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whiche began (as is sayd) about the moneth of September: for the better preparation whereof were set forth certayne Articles to the number of 37. 
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Cattley/Pratt, VI, Appendix: ref page 562, line 21

These articles are in the Bonner Register, folios 365-370: whence they are printed by Wilkins.

Which articles partly for the tediousnes of them, partly for that maister Bale in a certayne treatise 
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Cattley/Pratt, VI, 562, fn 1

This book is entitled "A Declaration of Edmonde Bonner's Articles concerning the Cleargye of London Diocese, whereby that execrable Antichriste is, in his righte colours, reueled." London, 1554. - ED.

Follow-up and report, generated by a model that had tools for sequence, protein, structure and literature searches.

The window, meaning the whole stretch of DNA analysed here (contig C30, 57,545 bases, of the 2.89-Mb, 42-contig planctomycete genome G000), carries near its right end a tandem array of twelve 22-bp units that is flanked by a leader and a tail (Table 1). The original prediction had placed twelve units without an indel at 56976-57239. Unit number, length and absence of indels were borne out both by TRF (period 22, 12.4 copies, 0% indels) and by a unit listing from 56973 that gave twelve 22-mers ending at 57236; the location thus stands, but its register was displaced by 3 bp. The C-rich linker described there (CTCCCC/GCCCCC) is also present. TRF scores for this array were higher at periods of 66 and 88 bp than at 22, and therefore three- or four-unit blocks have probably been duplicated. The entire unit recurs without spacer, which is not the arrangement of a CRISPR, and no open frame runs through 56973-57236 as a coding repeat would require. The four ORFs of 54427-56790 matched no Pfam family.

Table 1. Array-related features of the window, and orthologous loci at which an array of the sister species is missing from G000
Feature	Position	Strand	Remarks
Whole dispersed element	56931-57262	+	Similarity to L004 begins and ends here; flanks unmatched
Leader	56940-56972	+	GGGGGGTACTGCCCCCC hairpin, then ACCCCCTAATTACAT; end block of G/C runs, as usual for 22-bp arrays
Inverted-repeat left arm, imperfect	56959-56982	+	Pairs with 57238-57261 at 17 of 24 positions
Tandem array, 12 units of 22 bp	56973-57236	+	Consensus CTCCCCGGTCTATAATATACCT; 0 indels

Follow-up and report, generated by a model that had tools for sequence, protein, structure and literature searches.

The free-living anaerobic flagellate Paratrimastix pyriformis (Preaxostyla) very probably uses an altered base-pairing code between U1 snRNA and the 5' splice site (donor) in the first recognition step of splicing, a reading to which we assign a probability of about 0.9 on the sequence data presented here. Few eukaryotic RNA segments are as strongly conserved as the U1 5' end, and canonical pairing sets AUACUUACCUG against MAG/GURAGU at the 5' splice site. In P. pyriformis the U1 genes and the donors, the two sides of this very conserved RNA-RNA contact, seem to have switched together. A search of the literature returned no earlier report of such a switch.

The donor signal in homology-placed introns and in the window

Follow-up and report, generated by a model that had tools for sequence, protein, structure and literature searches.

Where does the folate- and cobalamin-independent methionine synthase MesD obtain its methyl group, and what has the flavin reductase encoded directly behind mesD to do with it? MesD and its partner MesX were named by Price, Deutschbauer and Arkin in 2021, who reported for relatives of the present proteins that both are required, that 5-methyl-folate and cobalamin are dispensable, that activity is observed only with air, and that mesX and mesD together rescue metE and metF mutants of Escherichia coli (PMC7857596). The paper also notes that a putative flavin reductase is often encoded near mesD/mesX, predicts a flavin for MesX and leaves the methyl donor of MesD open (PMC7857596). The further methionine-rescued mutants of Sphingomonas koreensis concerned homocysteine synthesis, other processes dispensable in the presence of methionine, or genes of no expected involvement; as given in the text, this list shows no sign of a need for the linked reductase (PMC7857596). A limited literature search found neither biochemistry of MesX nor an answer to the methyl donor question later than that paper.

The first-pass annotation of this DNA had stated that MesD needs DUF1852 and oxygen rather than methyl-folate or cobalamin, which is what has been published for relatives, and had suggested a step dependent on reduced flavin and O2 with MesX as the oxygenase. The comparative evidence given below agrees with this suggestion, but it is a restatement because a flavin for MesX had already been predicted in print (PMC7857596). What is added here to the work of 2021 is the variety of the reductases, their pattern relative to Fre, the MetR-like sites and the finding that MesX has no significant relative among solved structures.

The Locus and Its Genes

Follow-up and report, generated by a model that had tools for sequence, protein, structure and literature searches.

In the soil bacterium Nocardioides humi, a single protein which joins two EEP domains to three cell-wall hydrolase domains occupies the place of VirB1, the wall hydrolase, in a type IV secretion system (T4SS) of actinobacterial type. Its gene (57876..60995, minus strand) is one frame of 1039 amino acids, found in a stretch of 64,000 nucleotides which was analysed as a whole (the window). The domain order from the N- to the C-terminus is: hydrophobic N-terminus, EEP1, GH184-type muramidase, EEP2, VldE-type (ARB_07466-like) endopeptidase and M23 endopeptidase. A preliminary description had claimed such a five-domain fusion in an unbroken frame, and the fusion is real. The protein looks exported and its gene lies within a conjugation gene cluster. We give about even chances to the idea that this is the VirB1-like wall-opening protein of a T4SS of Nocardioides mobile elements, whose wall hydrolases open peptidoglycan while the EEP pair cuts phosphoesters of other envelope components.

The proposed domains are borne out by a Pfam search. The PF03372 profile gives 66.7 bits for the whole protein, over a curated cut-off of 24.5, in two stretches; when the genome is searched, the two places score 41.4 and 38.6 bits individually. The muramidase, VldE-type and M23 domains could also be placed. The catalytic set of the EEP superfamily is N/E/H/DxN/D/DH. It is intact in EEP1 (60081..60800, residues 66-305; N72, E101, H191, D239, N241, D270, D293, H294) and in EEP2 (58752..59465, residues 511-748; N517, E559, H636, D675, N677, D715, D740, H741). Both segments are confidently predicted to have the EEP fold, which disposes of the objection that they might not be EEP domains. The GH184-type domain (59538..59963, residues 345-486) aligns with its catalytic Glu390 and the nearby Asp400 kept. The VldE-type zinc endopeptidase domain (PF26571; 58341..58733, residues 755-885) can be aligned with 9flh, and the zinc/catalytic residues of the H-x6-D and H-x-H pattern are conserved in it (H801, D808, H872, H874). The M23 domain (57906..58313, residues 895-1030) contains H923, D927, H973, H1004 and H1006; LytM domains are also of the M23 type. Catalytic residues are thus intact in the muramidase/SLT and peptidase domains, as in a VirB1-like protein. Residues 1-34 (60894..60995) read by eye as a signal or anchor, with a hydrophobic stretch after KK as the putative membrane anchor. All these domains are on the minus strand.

hath sufficiently paynted out the same in theyr coulours, partly also, because I will not infect this booke with them, I slippe them ouer, proceeding in the progresse of this bishop in his visitation in the Countye of Essex. Who passing through the sayde Countye of Essex being attended with diuers worshipfull of the shyre (for so they were commaunded) ariued at Sterford in Hertfordshyre where hee rested certayne dayes, MarginaliaB. Boners behauiour at Sterford.solacing himselfe after that paynefull peregrination with no small feasting and banqueting with his attendants aforesayd, at the house of one Persons his Nephew whose wife he commonly called his fayre Niece (and fayre she was in deede) he tooke there great pleasure to heare her play vpō the Virginals (wherin she excelled) in so much þt euery dinner (sitting by his sweete side) she rose and played three seuerall times at his request of his good and spirituall deuotiō towards her. These certeine daies thus passed in this bishoplike fashion, he proceded in his popish visitation towards Hadham his owne house and parish, not past two myles from Sterford, being there most solemnly rong out, as in all other places wheras he passed. MarginaliaBoners behauiour at Hadham.At lēgth drawing nere vnto Hadham, when he heard no bels there styrring in honor of his holines, he grew into some choler & the nearer he approched the hotter was his fit, & the quieter the bels were, the vnquieter was his moode. MarginaliaBoner in a pelting chafe.Thus rode he on chafing and fuming with himselfe. What meaneth (sayth he ) that knaue the Clarke, that he ringeth not, and the parson that he meeteth me not? with sundry other furious words of fiery element. There this patient prelate comming to the towne, alighted, calling for the key of the Church, which was then all vnready, for that (as they thē pretended) he had preuēted his time by two houres, whervpon he grew frō coler to plaine melancholy, so as no man willingly would deale with him to qualify the raging humor so farre incorporated in his brest. At last the Churchdoore being opened, the Byshop entred, and finding no sacrament hanged vp, nor roode loft decked after the Popysh precept (which hade commaunded about the same tyme a well fauoured Roode, and of able stature vniuersally in all Churches to be set vp) curtalled his small deuotions, and fell from al coler and melancholy to flat madnes in the vppermost degree, swearing and raging with an huntynge othe or two, and by no beggers, that in his owne Churche where he hoped to haue sene best order, he foūd most disorder (to his honors most heauy discomfort, as he sayde) calling the Parsō (whose name was Doctor Bricket)